I had returned. My third Kroger run of freshman year. Cinnamon walls greeted me with a nod, the quasi Starbucks waved hello, and the terra-cotta tile beneath my feet stuck to the soles of my shoes like quick kisses. I needed honey crisp apples and nothing else. In the produce section, I reaped my harvest, bathed in fluorescent light. With my three apples secured inside of a sheer plastic bag, I walked to the front of the store, and fate led me to checkout aisle 5. His name tag read “Alex.” A boy my own age, he stood at the far end of the grocery conveyor belt, tucked behind the cash register he’d spent the summer learning to master. “Hello, how are you doing today,” he asked as his fingers danced across the register keys, and my breath ebbed. In his “Hello” an alternate life flashed before my eyes. In Alex, I saw my youth in Mount Vernon.
In this life, Alex and I had met in Pre-calc. I liked his freckles and that his gages were only big enough to slide a pencil through. He noticed me because I always spoke up in class, a master of Sine and Cosine. One day, he approached me in the hallway, a quiet confidence about him. Unconventional as it may have been, Alex asked me if I wanted to see Nerve with him at the Premiere Theater on Friday. “I’d like that,” I answered, tucking a green strip of hair behind my ear, “Dave Franco is such a good actor.”
At the movies on Friday, Alex bought me a Dr Pepper, the preferred soda of my Mount Vernonite alter ego, and we sat in the front row even though the theater was nearly empty. Afterwards we went to Whit’s Frozen custard, and Alex, a messy eater, got pumpkin custard in his left gage. I wiped it out with my pinky finger, and we laughed for a little too long. I saw it all. Teenage mornings spent in Allison’s Finer Diner with my floppy haired Ohioan boyfriend, feeding each other bites of shrimp at 11am, because thats when they stop serving breakfast, insisting his haircut from Vine Street Barber Shop made him look like Ben Affleck, and not his dad. My upbringing in suburban New Jersey vanished. Alex was my life now.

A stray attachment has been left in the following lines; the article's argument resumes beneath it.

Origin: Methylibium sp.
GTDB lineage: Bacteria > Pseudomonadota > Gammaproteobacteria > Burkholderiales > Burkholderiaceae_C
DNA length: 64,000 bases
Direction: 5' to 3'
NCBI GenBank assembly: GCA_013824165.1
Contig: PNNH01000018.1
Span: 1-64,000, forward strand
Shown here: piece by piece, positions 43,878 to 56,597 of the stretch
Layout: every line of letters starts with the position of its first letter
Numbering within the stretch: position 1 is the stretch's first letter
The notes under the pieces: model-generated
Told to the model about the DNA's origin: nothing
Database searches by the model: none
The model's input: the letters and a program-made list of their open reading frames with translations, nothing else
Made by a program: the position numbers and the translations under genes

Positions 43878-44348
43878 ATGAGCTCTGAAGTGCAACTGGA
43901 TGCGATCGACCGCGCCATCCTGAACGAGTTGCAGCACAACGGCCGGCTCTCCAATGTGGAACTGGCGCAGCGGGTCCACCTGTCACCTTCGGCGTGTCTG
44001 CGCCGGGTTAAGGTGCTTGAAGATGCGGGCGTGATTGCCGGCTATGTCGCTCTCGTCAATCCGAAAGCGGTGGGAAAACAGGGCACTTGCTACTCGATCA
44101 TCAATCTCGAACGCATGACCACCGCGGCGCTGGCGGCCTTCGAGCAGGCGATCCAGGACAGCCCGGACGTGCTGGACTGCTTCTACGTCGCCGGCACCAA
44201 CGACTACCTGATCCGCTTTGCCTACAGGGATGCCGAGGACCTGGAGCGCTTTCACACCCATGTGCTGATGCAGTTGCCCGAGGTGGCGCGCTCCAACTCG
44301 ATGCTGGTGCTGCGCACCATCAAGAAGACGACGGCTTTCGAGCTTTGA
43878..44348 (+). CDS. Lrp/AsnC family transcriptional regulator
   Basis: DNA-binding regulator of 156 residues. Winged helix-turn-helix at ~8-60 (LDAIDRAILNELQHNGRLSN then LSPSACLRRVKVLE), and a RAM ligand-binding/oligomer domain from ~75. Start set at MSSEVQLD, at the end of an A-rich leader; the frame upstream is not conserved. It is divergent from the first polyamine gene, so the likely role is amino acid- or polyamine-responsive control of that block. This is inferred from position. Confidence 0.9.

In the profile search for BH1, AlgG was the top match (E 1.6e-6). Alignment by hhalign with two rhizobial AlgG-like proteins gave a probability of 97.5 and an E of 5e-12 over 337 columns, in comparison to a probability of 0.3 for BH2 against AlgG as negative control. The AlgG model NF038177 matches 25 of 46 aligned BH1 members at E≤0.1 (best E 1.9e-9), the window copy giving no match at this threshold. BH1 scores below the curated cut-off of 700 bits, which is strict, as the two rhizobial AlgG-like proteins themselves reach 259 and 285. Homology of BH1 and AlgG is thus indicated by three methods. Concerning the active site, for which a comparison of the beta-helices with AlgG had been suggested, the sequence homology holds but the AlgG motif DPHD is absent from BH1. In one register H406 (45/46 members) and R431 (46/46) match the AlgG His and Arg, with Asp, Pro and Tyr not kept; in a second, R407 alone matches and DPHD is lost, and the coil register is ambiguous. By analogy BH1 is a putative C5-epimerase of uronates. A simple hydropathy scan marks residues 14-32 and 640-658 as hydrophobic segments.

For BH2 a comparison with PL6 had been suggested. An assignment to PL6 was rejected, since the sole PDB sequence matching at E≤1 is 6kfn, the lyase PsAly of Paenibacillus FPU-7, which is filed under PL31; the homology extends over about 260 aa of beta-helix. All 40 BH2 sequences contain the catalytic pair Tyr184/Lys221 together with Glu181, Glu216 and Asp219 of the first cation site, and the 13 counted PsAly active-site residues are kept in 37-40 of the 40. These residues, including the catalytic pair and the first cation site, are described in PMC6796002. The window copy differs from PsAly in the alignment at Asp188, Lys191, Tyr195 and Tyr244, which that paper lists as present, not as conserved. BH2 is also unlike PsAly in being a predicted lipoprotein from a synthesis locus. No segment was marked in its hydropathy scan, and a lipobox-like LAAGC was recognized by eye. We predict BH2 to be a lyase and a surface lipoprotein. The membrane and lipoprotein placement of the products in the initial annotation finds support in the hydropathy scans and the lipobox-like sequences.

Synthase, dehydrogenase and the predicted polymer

“$7.89.” Alex repeated. I was in Kroger again. I looked down at my Kenyon College teeshirt. My real teenage years, tethered to the tristate area, washed over me and winded me. I handed him a 10 dollar bill and he handed me my change and my honey crisp apples. Our imagined romance vanished into the stale grocery store air. “Have a good one,” he enthused. And I answered, quiet enough for him to wonder if I’d ever even said it, “I love you too.”